Thank you to everyone who joined us for the Nystagmus Network February Parents’ Forum.
Although it was Half Term for some, homeschooling was mentioned quite a bit. We talked about requesting modified print versions of online work to reduce the amount of screen time children are exposed to during this time.
We loved the suggestion from one parent about using face time for parallel lego play with a friend or story time with grandparents instead of using it for online games.
We also had a quick insight, thanks to one of our members, into full time, permanent home education, as opposed to homeschooling in a pandemic.
Ian, our Information Support Officer made sure that everyone knew what an ECLO (Eye Clinic Liaison Officer) is, how they can help support the whole family and where to find them. Please contact Ian at email@example.com if you need help finding your ECLO.
ADHD and Dyslexia
There was some discussion about ADHD and nystagmus and whether there may be a link. There is no known link, and the likelihood of a child with nystagmus having ADHD is no greater than for any other child. Children with nystagmus are sometimes mistakenly thought to have ADHD because of some of the characteristics typical of nystagmus (inability or unwillingness to maintain eye contact, or a child unable to access their work, for example). If in doubt, a proper test should be commissioned.
Similarly with dyslexia. Children with nystagmus can struggle to read at first because of the phenomenon known as visual crowding (the inability to pick out individual letters or words from a page) and difficulty in scanning from line to line. Both of these are caused by the eye movements. They can be overcome using a card, ruler or Typoscope to keep focus on a single word or line of text at a time.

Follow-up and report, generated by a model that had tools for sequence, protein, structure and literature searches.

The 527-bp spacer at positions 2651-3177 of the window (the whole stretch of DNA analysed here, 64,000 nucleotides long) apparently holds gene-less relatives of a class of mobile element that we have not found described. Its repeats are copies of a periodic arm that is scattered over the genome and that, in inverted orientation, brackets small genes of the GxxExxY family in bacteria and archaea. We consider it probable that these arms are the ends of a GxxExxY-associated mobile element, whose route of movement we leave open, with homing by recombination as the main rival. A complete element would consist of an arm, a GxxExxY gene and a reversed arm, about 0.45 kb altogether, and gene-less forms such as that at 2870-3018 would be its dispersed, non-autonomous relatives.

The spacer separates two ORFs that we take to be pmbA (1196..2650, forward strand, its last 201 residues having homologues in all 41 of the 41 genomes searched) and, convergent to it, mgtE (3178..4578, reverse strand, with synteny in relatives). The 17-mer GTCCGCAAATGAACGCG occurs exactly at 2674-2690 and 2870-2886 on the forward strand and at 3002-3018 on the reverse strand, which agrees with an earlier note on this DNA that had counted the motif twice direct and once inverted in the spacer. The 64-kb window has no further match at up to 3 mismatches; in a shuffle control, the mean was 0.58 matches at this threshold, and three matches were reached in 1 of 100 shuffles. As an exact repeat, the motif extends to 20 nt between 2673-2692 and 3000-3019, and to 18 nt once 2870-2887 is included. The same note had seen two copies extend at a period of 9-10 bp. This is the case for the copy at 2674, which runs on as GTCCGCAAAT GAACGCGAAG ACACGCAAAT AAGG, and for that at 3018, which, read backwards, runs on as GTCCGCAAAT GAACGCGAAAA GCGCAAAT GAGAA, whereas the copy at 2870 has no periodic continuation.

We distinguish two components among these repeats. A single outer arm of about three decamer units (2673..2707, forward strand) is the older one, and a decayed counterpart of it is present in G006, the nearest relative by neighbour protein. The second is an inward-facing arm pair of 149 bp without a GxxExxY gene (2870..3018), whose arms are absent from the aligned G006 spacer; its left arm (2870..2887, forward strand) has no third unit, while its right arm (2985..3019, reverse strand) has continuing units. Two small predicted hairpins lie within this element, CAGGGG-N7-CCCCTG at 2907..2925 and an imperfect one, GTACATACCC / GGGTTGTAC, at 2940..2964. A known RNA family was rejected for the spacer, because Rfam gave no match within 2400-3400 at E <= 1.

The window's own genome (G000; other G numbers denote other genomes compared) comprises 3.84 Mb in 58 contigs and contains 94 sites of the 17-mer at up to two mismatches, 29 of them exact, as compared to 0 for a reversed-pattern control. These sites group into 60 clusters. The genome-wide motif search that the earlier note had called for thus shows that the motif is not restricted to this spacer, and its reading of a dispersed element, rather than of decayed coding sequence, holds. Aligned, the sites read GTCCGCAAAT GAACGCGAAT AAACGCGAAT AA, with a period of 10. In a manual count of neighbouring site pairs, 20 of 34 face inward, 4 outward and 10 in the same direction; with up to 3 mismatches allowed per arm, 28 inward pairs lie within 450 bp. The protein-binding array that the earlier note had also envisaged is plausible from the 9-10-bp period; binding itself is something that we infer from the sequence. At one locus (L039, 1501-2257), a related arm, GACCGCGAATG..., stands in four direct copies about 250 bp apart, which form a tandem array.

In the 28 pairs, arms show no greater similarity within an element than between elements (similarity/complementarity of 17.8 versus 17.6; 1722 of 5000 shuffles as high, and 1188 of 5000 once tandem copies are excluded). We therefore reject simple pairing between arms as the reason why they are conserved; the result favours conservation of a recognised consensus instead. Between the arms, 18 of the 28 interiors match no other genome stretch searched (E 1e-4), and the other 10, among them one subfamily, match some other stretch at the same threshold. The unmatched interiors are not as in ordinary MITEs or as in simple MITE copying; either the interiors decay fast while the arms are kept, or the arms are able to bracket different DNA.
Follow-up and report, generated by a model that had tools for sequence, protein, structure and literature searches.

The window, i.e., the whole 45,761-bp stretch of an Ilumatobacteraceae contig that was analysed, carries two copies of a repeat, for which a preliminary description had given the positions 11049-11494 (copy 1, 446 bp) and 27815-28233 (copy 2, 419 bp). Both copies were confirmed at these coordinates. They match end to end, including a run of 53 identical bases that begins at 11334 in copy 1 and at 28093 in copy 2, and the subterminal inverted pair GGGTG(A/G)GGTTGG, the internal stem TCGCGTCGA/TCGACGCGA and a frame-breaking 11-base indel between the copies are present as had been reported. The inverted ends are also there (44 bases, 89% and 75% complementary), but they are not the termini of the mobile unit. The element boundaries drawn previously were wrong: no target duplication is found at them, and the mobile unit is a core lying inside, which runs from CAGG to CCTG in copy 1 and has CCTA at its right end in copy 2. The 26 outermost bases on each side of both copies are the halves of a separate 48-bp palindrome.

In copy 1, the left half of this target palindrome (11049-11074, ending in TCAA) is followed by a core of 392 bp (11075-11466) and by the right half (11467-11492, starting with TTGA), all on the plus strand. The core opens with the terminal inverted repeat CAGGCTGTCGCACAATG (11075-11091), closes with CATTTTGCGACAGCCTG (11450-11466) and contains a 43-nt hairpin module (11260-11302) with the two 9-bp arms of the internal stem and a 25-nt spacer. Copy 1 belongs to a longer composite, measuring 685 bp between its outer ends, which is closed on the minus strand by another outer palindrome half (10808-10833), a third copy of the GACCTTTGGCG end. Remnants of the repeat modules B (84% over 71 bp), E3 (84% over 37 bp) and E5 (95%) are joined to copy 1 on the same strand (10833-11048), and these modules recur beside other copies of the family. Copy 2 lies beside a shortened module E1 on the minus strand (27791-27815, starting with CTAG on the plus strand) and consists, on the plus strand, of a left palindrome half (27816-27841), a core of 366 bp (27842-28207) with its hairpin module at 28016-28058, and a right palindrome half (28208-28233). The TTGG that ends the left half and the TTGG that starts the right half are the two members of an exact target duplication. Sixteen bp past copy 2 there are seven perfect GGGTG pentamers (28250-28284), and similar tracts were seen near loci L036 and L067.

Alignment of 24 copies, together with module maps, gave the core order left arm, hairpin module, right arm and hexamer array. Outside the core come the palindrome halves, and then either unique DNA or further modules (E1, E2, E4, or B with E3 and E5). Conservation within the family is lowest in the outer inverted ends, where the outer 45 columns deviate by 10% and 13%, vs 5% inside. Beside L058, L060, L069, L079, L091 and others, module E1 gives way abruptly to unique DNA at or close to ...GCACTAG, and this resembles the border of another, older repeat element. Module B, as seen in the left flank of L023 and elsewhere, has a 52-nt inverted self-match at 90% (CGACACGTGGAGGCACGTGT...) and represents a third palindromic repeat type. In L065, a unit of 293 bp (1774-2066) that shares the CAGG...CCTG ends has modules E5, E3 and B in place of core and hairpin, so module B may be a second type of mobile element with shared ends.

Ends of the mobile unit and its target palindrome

There was a question about photosensitivity and nystagmus. There is a definite connection in many cases. The advice is to protect the eyes as much as possible from bright lights, glare and reflected light, using curtains, shades and blinds and wearing peaked caps, wide brimmed hats or sunglasses indoors and out – and also especially in the car – as a precaution.
The Nystagmus Care Pathway
Thank you for your helpful contributions to the work we are putting together towards the Nystagmus Care Pathway. These have been passed to Jay Self and the NUKE (Nystagmus UK Eye research group). We hope that the guidelines will be endorsed and published, through the Nystagmus Network website and elsewhere, very soon.
Parents were offered the chance to join a Gmail group for parents of children and young people with nystagmus so they can keep in touch with each other more easily by email between zoom calls. The charity will also contact parents via this group to invite you to future meet ups and keep them posted on nystagmus news and updates.
Please do join the Nystagmus Network Facebook group for parents. It’s there for you to help you connect with others.